William Wyler’s biblical, chariot-racing masterpiece Ben-Hur is one of the classic movies that defined the word ‘epic’ along with Cecile B. Demille’s The Ten Commandments. This is also the first Stephen Boyd movie I ever saw, and it hooked me as a kid. Even after all these years, watching this movie is absolutely amazing. First of all, Stephen Boyd in a Roman muscle cuirass and scarlet plumed helmet is truly a glorious sight to behold. Boyd’s masculine and cruel Messala is a performance for the ages and when he is pitted against the equally masculine and statuesque Heston (who also gives his best performance), the movie becomes a true epic battle between these two characters .
The hint of lust Messala has for Charlton’s Judah adds an interesting twist to this biblical epic as well if you chose to consider this subtext. The story goes that William Wyler enlisted the help of young author Gore Vidal as an extra screenwriter. Vidal was trying to come up with a way to make the hatred that develops between Messala and Judah seem genuine. Gore Vidal is a brilliant author (His novel “Julian” is truly the best Roman Empire novel ever written in my opinion!) and he took an idea from one of his early novels called “The City and the Pillar”. In the novel, two young men have a love affair in their teens. Later in life, one of the men has moved on in life and gotten married, whereas the other man is still in love with his former lover and obsessed with the idea of possessing him again. Vidal thought that the idea of a spurned lover (Messala in this case) would inject much needed emotion and back story between the hero and his nemesis. Vidal presented his plan to a bemused Wyler who told him to approach Boyd with the idea, but to leave Heston out of the loop. Vidal discussed his approach with Boyd, who immediately understood what to do. So in essence Boyd portrayed Messala’s emotions as if he still was in love with Judah. Judah, on the other hand, rejects these emotions and therefore sets up the conflict. When Judah turns Messala down, he isn’t just turning down Messala as a Roman and a friend, but as a lover. At that point, Messala snaps and becomes Judah’s dire enemy. There’s no dialogue to suggest any of this, but some of the dialogue takes on a piquant double meaning. For instance, when Messala tells Judah, “You’re very cruel to your conquerors,” he could be talking about the Jews and the Romans or about himself as a ‘conqueror’ over Judah. Messala looks at Judah at certain times with desire and frequently guides Judah’s arm. Messala’s burning rage during the chariot race could also be construed as sexual release. Once again this is all subtext and the audience can choose to see this or not.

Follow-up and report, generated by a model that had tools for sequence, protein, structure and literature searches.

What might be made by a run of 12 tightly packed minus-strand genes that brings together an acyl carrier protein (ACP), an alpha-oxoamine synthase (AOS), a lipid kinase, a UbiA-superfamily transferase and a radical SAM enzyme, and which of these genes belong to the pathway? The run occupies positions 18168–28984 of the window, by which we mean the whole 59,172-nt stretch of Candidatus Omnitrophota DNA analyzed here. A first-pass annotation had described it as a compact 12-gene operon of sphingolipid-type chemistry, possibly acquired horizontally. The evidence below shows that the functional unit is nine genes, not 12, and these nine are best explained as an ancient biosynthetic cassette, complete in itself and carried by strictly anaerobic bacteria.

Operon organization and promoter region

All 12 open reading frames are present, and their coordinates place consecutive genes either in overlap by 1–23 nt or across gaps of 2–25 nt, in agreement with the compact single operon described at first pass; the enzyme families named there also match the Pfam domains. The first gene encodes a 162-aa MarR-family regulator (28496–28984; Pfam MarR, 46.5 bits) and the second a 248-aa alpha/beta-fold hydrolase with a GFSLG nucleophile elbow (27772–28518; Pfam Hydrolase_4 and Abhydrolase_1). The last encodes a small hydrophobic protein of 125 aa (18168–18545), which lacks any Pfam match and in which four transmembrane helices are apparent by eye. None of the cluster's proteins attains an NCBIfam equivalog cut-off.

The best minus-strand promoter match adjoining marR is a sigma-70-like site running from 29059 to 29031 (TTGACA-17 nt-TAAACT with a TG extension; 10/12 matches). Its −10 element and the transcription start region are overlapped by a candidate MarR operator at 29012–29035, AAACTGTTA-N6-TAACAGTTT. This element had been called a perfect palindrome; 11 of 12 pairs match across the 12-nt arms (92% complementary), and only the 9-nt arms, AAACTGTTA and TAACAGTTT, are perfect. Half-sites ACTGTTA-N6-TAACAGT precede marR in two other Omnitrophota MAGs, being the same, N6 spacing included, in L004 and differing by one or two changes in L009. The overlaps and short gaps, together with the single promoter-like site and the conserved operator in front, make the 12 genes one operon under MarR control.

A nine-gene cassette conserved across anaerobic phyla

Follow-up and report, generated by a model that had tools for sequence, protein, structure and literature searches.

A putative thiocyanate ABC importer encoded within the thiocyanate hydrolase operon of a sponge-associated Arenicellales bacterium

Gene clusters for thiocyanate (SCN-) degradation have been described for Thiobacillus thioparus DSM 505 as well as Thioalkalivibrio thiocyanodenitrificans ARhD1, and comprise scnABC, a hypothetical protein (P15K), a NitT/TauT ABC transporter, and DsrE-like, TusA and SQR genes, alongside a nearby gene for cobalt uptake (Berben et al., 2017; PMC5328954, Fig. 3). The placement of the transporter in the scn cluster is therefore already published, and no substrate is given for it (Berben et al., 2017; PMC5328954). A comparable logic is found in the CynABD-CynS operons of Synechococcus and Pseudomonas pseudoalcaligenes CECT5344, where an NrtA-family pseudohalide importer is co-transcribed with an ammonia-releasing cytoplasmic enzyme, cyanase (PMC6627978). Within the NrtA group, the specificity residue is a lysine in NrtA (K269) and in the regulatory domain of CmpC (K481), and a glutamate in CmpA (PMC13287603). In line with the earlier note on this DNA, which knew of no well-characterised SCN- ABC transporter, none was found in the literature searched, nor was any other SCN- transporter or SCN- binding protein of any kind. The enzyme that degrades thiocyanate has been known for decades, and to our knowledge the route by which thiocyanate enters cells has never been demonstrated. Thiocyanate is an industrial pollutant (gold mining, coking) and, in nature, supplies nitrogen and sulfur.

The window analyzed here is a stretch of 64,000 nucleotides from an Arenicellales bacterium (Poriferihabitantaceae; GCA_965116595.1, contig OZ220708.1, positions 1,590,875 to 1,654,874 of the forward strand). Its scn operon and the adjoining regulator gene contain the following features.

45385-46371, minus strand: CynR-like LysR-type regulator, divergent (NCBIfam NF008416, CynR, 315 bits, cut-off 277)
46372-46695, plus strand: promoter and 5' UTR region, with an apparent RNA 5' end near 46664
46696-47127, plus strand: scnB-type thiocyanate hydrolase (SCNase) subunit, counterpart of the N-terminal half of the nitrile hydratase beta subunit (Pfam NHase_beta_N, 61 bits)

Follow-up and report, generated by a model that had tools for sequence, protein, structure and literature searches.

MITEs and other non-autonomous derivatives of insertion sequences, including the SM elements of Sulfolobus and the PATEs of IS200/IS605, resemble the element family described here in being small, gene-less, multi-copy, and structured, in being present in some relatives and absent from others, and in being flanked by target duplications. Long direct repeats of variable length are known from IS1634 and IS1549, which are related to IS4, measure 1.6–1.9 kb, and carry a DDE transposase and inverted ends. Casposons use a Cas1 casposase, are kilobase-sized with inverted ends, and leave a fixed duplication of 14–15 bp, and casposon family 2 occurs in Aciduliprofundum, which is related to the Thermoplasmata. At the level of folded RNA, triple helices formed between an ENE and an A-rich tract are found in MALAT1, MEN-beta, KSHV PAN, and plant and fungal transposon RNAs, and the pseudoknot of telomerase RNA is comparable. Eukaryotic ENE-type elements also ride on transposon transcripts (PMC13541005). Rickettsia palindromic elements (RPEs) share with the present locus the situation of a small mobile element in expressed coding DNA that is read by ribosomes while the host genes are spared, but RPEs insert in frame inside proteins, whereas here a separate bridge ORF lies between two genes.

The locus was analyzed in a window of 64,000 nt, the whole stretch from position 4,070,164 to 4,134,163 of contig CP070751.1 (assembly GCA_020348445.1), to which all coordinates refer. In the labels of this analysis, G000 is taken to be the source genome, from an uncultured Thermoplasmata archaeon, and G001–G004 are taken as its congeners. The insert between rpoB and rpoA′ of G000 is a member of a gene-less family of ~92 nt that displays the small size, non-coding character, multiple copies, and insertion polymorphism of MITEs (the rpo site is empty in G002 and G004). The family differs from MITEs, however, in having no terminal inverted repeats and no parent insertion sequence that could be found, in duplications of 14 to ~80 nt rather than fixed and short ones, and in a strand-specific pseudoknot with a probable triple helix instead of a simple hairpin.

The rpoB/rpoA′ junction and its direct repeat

The heart-pounding chariot race in Ben-Hur is one of cinema’s most iconic moments captured on screen, and even to this day has not been surpassed. Boyd’s death scene as Messala is, as far as I am concerned, the best acted death scene in a movie ever. From his angry defiance to the final death rattle- it’s riveting. From that point on the movie loses steam a bit, almost as if the death of Messala was the climax of the movie.
Messala is a magnificent villain and Boyd, as this character, is certainly one of the the major reasons why this movie has endured generation after generation.
“Ben-Hur” Photo Gallery
Critical Praise for Stephen Boyd’s performance as Messala in “Ben-Hur”
“If there was an Academy Award deserved by any cast member of “Ben-Hur, ” it belonged to Stephen Boyd, playing the villainous Messala who turned his boyhood friendship into a vendetta of hate. Boyd was a near absolute personification of the power which corrupts.
Particularly, Boyd’s performance as the dying Messala spewing out his last arrogance was superb.” (The Akron Beacon Journal, Dec 25, 1960)